This week we’ve been planting our summer crops. As spring progresses the soil warms up and the frost risk decreases. So we respond by getting our summer crops in the ground. This week we planted tomato and chilli seedlings, both in the green house and protected in the field. We also put in some zucchini and cucumber seed. In the following month we’ll be getting onto planting capsicum and basil seedlings and seeds of pumpkins and beans.
In the greenhouse we are using reusing hessian potato sacks as “weed mat”. Most farms use plastic for this job, but we have noticed how much the worms love the hessian and the bags eventually break down into the soil, adding organic matter and carbon. We’ve also swapped out the plastic string for biodegradable twine to train the tomato plants up as they grow. After the frustration of removing all the plastic from the spent tomato plants last season we decided that we wouldn’t be doing that again. Unfortunately the tomahooks that we use in our trellis system come pre-wound with horrible plastic string which we have to cut off, and I have been unable to find a stockist that sells the hooks naked.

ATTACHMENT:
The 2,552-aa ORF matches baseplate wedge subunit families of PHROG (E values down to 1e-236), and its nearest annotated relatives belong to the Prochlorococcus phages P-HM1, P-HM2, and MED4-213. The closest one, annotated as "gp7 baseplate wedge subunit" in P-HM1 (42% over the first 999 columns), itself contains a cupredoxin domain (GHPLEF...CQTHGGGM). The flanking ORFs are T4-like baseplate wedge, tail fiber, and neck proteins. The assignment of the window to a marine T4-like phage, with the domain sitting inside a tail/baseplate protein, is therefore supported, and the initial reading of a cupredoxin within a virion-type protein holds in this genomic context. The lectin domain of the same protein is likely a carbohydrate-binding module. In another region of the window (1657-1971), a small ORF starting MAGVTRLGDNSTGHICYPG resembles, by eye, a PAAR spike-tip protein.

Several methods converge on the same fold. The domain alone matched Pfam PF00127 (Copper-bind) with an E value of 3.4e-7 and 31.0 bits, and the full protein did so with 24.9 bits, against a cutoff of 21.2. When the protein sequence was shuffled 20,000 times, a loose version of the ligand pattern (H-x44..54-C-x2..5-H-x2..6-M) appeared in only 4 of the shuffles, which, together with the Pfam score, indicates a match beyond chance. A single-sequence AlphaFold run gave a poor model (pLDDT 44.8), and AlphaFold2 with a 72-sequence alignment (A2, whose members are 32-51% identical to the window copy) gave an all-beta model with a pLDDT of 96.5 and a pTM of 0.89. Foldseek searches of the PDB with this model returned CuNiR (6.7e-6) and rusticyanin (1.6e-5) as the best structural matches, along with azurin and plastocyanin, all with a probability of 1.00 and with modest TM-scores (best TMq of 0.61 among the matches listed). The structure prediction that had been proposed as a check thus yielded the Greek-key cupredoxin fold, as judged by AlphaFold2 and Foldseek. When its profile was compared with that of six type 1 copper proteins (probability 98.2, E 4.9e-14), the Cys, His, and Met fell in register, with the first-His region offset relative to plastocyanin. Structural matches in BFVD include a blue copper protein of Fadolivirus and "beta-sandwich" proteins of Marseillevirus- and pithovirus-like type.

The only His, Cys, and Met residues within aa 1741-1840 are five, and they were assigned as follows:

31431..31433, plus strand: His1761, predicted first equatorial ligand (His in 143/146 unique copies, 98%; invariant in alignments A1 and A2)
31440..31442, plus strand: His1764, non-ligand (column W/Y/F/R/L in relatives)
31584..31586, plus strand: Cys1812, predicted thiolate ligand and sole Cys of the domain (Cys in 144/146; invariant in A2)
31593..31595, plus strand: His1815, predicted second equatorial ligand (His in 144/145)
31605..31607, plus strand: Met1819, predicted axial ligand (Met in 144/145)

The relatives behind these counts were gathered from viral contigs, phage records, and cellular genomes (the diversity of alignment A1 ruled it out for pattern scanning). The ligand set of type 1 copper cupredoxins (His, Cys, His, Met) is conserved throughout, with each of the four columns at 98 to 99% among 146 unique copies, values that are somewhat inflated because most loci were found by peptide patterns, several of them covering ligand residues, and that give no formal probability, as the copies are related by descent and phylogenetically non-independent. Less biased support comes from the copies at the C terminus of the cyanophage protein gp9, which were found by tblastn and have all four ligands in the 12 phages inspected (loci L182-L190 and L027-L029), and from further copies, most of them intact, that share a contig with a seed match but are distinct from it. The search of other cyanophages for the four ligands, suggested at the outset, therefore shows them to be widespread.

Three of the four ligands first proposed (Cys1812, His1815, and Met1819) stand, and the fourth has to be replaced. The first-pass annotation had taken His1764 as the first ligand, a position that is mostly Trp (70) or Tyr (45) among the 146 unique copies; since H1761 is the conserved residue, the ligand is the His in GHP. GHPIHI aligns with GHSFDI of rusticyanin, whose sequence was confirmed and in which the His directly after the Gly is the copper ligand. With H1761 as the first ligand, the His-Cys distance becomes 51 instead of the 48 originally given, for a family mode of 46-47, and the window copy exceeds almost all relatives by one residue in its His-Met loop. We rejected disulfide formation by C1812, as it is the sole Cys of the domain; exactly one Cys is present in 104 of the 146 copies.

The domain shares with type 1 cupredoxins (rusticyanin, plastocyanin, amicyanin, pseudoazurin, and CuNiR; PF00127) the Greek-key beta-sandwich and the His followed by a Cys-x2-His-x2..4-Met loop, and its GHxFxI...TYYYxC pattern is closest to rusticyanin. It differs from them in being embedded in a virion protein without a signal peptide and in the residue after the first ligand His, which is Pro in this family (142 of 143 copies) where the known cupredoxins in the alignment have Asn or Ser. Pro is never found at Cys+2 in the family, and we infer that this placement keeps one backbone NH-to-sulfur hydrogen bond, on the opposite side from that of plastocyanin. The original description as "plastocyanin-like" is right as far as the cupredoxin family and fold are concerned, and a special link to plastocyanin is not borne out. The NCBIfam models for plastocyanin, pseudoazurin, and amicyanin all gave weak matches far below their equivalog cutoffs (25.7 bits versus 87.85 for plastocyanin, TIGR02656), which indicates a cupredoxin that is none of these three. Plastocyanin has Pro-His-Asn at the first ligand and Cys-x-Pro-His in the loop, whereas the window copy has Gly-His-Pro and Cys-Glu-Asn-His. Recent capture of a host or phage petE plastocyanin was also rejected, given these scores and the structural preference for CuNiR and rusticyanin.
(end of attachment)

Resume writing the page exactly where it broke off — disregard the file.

You may have notice some coloured carrot in you bunch this week. These have been bred locally by our colleague Gregg Muller from Useful Seeds in Strathfieldsaye. We are now collaborating with Gregg to further his breeding program by giving back carrots that fit his criteria so that he can produce more seed from them. We are also providing Gregg with reports on the growing characteristics and flavour. If you have any feedback on the vegetables you are receiving please let us know. The parsnips, and coloured snow peas are also the work of Gregg and we will be growing some seed out for him of these too.
The Carrot in my hand below is the shape that we are looking for. This type of carrot suits shallow soils, the blunt end mean more volume of useful carrot for it’s length and the colour we’re aiming for is the purple skin
New vegetables this week are beetroots, back again after a winter hiatus, and Silverbeet grown from seed I was given by a friend (see below).